Russell Webster - Work with Offenders
Work with Offenders looks at the latest data
On 31st of January this year, the UK recorded our first death from coronavirus. On that date the number of people in prison in England and Wales was 83,329. The Ministry of Justice issues weekly updates on the number of people in custody, publishing them every Friday morning. For the next six weeks, the prison population (fuelled by a number of “we are getting tough on crime” pronouncements and policy decisions by Boris Johnson’s new government) continued to rise steadily until it reached 83,917 on 13 March.
From that point on, the prison population fell steadily and consistently until by the middle of June it stood at 79,605. The main reason for this for was not the coronavirus early release scheme, of which more later, but the simple fact that very few of our courts were operating. This meant that although prisoners who came to the end of their sentence were being released from our prisons, very few people were being convicted of crimes and sent to custody.
Interestingly, even though our courts have started operating again and capacity has been augmented by the introduction of Nightingale courts, the prison population has remained pretty flat over the last two months. On Friday 14th August it stood at 79,531. Although our courts are open again, they are still running at very low capacity in their socially distanced format. Twitter is full of stories of cases which have recently had new trial dates set for 2021 or even 2022. The new Nightingale courts have been roundly criticised and promised longer opening hours with courts sitting well into the evening have, in the main, simply not materialized. Many lawyers have simply not wanted or not been able to adopt a 12-hour working day with all the usual consequences on childcare, family life et cetera.
In the middle of this decidedly odd situation with a government committed to sending more people to prison presiding over the fastest drop in prison numbers in living memory, the Ministry of Justice announced on Wednesday that it was “pausing” its scheme for the temporary release of low-risk prisoners, which was one of the first steps taken as part of a wider strategy to protect the NHS and reduce the virus’ impact on the prison estate. This “pause” will come into effect at the end of August.
The decision was greeted with considerable derision within the penal reform community who pointed out that only a small fraction of the more than 4000 individuals that the MoJ had indicated would be eligible for the scheme at its launch had actually been released. The most recent official figure, covering releases up to 7th August, reveals that a total of 275 prisoners have been released under the scheme, with just nine individuals going out through the prison gates in the first week of August.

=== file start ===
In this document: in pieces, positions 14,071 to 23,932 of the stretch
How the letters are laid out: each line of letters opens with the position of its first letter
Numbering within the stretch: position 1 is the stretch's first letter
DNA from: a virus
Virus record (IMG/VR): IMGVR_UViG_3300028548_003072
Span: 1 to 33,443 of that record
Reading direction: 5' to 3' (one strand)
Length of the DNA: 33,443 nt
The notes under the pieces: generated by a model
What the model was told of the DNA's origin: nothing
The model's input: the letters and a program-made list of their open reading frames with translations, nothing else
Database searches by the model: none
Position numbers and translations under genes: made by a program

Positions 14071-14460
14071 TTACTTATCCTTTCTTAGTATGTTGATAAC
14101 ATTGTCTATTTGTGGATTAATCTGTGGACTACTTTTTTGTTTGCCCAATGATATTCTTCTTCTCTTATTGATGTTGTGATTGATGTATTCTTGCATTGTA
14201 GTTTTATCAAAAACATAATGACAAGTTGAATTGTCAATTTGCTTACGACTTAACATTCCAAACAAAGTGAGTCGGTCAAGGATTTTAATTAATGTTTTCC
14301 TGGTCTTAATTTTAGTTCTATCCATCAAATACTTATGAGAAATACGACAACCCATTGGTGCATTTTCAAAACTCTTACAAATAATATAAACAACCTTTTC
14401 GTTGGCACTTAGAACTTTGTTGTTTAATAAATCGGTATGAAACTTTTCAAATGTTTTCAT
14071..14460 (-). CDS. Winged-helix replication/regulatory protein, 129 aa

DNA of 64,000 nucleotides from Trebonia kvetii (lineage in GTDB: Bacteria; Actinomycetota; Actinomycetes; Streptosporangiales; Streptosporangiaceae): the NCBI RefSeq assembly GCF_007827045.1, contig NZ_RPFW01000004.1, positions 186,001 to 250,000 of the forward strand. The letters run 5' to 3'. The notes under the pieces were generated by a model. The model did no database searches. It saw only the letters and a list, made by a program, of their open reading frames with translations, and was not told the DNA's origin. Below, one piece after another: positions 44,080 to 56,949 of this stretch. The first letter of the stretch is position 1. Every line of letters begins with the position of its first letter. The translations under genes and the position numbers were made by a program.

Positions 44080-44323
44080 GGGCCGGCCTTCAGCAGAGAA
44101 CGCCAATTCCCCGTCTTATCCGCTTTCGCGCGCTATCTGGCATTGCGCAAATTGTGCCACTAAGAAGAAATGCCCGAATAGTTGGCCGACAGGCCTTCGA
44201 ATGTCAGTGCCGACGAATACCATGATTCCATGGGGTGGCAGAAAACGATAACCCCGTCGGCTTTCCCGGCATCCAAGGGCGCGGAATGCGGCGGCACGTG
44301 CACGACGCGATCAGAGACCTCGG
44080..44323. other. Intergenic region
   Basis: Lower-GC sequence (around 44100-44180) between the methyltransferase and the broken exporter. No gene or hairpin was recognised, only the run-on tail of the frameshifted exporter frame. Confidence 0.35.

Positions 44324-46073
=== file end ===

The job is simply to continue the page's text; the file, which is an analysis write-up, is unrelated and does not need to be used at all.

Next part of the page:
The MoJ claimed that it had the virus in prisons under control and no longer needed to continue the temporary release programme. Unfortunately for the Department, this announcement was made on the same day that the Chief Inspector of Prisons, Peter Clarke, published a new report aggregating inspectors’ findings from the “short scrutiny visits” they had conducted at 35 prisons throughout lockdown. In this report Mr Clarke noted that the continued severe regime restrictions in prisons – at times amounting effectively to solitary confinement – have created “a real risk of psychological decline among prisoners, which needs to be addressed urgently.”
He went on to highlight the difficulties facing children and women in prison in particular, saying that for prisoners who usually benefitted from a range of specialist support services provided by external providers, the absence of these services was extremely damaging.
“For these prisoners, the long hours of lock up were compounded by the sudden withdrawal of services on which they depended, and self-harm among prisoners in prisons holding women has remained consistently high throughout the lockdown period.”
Mr Clarke also addressed the nation’s fear that there will be a second spike of coronavirus cases and argued strongly that the prison service must find alternative ways of managing the risk and that simply putting everyone in prison in solitary confinement for long periods was not acceptable. He noted that individual prison governors had developed a range of possible solutions which they have not been allowed to implement by the MoJ and Her Majesty’s Prison and Probation Service.
It is disappointing that reducing population by the temporary release scheme, obviously the most direct way of reducing overcrowding in our prisons – itself the primary risk factor for the spread of coronavirus - is due to halt at the end of the month.
We will continue to monitor the prison population under coronavirus and keep readers up-to-date with the latest developments.